Brexit ‘hold up’ leaves UK in dark as Britain’s top brains ‘deeply concerned’ of fund cuts

Frost admits Britain needs 'benefits of Brexit to start paying off’

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Britain was supposed to contribute £15billion towards Horizon Europe, the bloc’s £80billion flagship research programme, so its researchers could access the EU’s huge pool of funding and collaborate with European partners. But EU Commissioner Mariya Gabriel told the UK it cannot gain associated-member status until the Northern Ireland protocol row is resolved. This is despite participation being a feature of the Trade and Cooperation (TCA) Brexit agreement.

Now, scientists who had been promised grants by the European Research Council (ERC) have been told that they might not receive the money if a deal is not stuck soon.

Professor Thiemo Fetzer from Warwick University was thrilled to get promised €1.5million (£1.3million) of funding from the ERC for his project, which he hailed as one of the most “prestigious” grants in the science world.

But he told that the Brexit “brain drain” has sparked a high degree of “anxiety” and “uncertainty” around the future of his project.

He explained: “There is this whole prospect of uncertainty which was not expected.

“There was clear guidance that UK association was underway, it was just a matter of time.

“But then because of the political process, this has been disrupted.

“All this creates anxiety, uncertainty, hold up issues with the partners involves, and it just raises again lots and lots of questions.”

But Prof Fetzer does not believe that the EU is entirely to blame for these issues.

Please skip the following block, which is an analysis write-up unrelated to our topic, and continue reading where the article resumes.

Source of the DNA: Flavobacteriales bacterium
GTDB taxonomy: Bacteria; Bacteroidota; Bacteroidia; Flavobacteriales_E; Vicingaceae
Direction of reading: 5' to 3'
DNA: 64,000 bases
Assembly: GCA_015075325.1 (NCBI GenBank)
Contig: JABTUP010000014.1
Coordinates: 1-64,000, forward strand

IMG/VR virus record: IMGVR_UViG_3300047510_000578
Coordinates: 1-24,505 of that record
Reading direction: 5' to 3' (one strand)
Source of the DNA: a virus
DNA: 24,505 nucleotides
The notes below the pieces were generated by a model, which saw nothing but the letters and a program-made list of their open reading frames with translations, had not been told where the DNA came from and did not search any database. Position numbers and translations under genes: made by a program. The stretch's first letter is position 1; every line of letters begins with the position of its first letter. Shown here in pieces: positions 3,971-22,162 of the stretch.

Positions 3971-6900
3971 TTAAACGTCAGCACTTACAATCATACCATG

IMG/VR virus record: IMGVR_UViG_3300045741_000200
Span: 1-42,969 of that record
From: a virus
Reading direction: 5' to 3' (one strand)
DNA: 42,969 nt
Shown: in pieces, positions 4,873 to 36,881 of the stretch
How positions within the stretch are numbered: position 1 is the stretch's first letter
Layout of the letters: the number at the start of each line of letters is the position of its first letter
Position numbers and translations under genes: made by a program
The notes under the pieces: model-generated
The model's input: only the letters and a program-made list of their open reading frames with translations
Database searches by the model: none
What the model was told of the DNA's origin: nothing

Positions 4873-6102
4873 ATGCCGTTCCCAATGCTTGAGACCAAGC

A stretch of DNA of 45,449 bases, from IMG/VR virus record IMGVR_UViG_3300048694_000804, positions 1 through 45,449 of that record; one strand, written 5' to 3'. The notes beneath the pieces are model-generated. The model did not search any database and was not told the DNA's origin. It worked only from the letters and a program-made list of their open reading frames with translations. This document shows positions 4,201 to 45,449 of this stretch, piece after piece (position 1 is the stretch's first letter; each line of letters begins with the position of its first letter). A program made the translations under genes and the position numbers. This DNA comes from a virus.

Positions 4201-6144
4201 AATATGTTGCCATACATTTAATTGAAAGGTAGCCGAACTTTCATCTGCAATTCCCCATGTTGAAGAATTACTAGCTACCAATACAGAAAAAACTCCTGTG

He added: “I have a hard time portraying the EU as being the bad actor in this setting because it is just a natural consequence of the UK trying to cherry-pick its way through the EU.

“Horizon Europe association was part of the bundle agreed as part of the FTA.

“But then the UK has decided unilaterally not to implement certain aspects of the FTA, so it makes sense that the EU is saying that Britain is trying to cherry pick, which is a systemic risk to the legal architecture that the EU poses.”

He went on: “The UK does not have a particularly strong track record of delivering on promises that it makes.

“This then raises further questions that many of the scientific community had in this country in the wake of Brexit. Can we still trust in the underlying institutions?

“It raises the awareness of the vulnerability that people face because just with the stroke of a pen or at a whim’s notice or will by some individuals, some life plans can be thrown in the air.

“This is why the brain drain that Brexit will induce is not going to be an avalanche but a slow trickle because these things just keep happening, keep repeating and people will be re-evaluating their positions.”

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But Prof Fetzer did say that both sides could have offered up more help to scientists who have been left in the dark.

He added: “The ERC could be doing a much better job at providing guidance, providing communication. I have been waiting for two weeks to hear from them about a Q&A about what to expect.”

The ERC wrote letters to 98 experts who were promised that they would receive £145million in grants that they would not receive funding if Brexit negotiations are not smoothed over.

But the Government was prepared for this, setting up a backup funding instrument via the financial guarantee scheme to be administered by UK Research and Innovation

Science Minister George Freeman has promised that he will let guaranteed replacement funding run until December 2022.

But Prof Fetzer was not convinced by this option.

He told “The vast majority of them (researchers) would go with default around the UKRI guarantee, but many of them are deeply concerned about the process.

“There are questions you have to say no to the ERC to get the UKRI guarantee so you have to say no to one thing and there is uncertainty as to whether you will get the other thing.”

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